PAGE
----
Bitumen tankers in confined waters

28 August 2012

Secretary to the Joint Review Panel
Enbridge Northern Gateway Project
444 Seventh Ave SW
Calgary AB T2P 0X8


Dear Secretary ;

I wish to express my serious concern over the logic of shipping, on a regular basis, huge quantities of diluted bitumen in very large tankers through the confined, often treacherous internal waters of northern BC, out into Hecate Strait, and thence to the Pacific.

During 35 years at sea spent largely in BC waters, I sailed the Central / North Coast in ten commercial and naval vessels. My principal involvement grew to be watch keeping, navigation, and the duties of command (XO HMCS STETTLER and PROVIDER; 3rd Officer / Navigator Canadian Cruise Lines SS PRINCE GEORGE; Captain HMCS QU’APPELLE and MACKENZIE).

Fair weather navigation in Douglas Channel, Squally Reach and Caamano Sound requires precision and watchfulness even in a small vessel. The dangers attending a breakdown, miss-step or inattention escalate dramatically as vessel dimensions (and turning characteristics, stopping distance etc.) increase. The deeper the ship’s draft the more constrained the navigable channel becomes. Strong tidal streams and rapidly deteriorating weather further complicate and can wreck the best laid plans for safe navigation.

I have sailed those waters in the flat calm of a sunny summer day, in fog, and in the driving rain squalls and buffeting of an autumn gale. I don’t know Principe Channel, but believe it is no more forgiving of error than the rest of the Inside Passage. As for Hecate Strait, my experience is that it can be idyllic and peaceful at one moment and then, within short hours, become a place of howling winds and mountainous seas such as cause the most experienced seafarers to grit their teeth and hang on tight. I was in the frigate STETTLER there one night when the ship rolled 60 degrees to port, sustaining considerable damage down below. On another occasion, as my friends in the Fleet Oiler PROVIDER related it, the 20,000 ton ship so nearly ‘stood on her nose’ amid the monstrous waves of that extremely shallow sea, that some on the bridge were concerned she might strike bottom. Recognized as the fourth most dangerous body of water in the world, twenty per cent of Hecate Strait has water depth less than 20 metres. I wonder how a vessel drawing 60 or 70 feet might fare in a Hecate Strait storm.

Risk is the product of the likelihood of an occurrence and the consequences thereof. Modern machinery, navigation aids, communications etc. can have a near-zero failure rate, but the people who operate the equipment, though better educated and trained than ever, always have been and likely will remain the major stumbling block to a foolproof system. Look no further than TITANIC, EXXON VALDES, QUEEN of the NORTH, COSTA CONCORDIA. The likelihood of a significant tanker accident between Kitimat and the Pacific may be extremely low but it is finite.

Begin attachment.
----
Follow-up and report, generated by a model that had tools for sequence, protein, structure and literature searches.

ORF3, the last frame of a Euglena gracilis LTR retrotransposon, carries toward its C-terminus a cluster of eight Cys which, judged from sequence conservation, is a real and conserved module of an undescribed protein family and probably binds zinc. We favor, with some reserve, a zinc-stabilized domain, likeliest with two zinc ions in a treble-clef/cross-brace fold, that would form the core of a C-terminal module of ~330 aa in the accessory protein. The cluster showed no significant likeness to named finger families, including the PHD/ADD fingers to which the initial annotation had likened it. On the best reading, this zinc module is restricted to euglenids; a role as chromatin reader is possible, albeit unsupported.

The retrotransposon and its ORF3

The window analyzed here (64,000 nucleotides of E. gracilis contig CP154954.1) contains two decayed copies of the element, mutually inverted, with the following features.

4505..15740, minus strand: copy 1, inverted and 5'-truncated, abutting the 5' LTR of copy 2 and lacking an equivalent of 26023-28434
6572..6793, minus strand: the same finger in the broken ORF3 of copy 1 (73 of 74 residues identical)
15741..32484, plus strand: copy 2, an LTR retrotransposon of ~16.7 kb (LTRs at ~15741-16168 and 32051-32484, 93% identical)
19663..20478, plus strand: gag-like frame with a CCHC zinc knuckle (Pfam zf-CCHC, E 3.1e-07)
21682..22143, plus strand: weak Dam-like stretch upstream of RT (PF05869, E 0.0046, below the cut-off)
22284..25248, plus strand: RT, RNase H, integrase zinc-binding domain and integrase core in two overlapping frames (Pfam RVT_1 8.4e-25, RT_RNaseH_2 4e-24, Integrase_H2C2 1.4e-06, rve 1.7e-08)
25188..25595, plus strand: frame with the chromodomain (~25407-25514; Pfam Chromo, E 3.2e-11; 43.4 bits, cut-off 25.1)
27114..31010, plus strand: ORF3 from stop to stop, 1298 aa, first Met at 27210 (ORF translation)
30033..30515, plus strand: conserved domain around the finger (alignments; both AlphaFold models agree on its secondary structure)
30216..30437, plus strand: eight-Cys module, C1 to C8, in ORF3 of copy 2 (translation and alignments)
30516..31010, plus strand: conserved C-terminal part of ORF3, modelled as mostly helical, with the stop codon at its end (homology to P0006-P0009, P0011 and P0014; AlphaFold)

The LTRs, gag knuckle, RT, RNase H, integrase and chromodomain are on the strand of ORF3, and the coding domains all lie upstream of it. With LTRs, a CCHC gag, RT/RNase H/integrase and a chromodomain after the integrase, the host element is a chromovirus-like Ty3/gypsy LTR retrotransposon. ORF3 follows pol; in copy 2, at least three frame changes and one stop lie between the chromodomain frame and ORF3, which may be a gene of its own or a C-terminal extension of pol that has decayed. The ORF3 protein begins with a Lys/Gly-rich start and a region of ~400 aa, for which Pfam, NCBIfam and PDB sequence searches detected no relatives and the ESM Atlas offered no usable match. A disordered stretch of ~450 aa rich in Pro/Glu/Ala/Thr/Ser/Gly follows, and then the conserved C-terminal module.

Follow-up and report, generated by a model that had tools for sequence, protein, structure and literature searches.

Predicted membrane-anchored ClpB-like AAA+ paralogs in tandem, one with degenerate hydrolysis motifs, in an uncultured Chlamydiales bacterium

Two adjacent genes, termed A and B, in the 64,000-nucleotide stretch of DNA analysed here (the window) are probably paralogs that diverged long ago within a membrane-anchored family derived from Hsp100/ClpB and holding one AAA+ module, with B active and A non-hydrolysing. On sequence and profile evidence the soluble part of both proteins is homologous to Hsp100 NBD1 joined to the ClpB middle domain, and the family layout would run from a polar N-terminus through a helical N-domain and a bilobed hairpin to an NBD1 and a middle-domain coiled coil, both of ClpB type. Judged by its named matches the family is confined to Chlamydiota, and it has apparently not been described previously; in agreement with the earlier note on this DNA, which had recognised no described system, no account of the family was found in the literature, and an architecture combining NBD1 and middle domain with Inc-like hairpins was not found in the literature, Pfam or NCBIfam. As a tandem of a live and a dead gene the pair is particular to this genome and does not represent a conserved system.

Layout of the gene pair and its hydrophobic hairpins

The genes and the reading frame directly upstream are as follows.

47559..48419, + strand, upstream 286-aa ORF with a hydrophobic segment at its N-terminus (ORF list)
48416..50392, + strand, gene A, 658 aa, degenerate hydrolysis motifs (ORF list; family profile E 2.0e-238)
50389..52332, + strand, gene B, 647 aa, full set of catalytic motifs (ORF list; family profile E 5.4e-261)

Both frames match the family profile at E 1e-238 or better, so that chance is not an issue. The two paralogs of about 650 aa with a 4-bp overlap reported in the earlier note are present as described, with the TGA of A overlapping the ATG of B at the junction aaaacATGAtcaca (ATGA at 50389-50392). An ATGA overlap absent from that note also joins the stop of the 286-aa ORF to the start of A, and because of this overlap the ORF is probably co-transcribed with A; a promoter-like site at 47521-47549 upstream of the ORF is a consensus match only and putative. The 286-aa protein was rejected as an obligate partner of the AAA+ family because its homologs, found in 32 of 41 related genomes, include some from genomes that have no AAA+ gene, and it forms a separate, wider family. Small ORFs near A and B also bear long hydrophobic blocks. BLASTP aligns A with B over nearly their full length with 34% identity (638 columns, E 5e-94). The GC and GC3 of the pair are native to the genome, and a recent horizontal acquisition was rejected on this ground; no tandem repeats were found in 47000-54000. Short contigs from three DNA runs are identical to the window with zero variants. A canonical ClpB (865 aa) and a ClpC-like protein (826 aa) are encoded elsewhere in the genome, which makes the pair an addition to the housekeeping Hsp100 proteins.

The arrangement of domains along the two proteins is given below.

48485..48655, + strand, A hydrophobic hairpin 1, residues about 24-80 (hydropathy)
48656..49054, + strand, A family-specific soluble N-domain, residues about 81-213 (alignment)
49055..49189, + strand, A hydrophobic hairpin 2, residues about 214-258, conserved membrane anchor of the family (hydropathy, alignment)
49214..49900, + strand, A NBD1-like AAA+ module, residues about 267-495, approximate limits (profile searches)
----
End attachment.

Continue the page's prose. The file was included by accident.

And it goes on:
Meanwhile it appears that, as yet, nobody – not even Enbridge – has studied seriously the possibility of a major spill of diluted bitumen in northern BC waters. The outcome could be horrendous. I read that the Canadian Coast Guard is uncertain whether traditional methods of containing and cleaning up a crude oil spill would work for bitumen. How would diluted bitumen be dispersed by wind, sea and tide compared to crude? Is it more likely than crude to sink as the lighter properties evaporate? What toxins does it contain? How would all living things within the scope of such a spill be affected? If not contained or recovered, for how long would it persist as an environmental hazard?

From what the climatologists keep telling us these days and from our experience in recent seasons, it seems prudent to expect that extreme weather incidents will occur with increasing frequency in years to come. And consider: foreign ships do not always measure up to the highest standards of mechanical safety and crew competence.

Very big ships, very narrow channels and extreme weather don’t make a good mix.

I beg you to recognize that the finite likelihood of a tanker accident – no matter how remote-coupled with the potentially catastrophic consequences of a major spill of diluted bitumen into northern BC waters, together constitute a risk no thinking Canadian can afford to accept.

Yours Sincerely,

Roger Sweeny
Commander RCN ret.
Certificate of Service as Master Foreign Going
Qualified Master Home Trade
Member, Association of Suzuki Elders

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  • You did not mention how many years of the 30+ you have served on modern tankers stringently vetted by oil majors? At 60 degree rolling the vessel’s stability would be very questionable.

  • Roger – useful insights, well described, by someone who’s been there at the helm. Thank-you.

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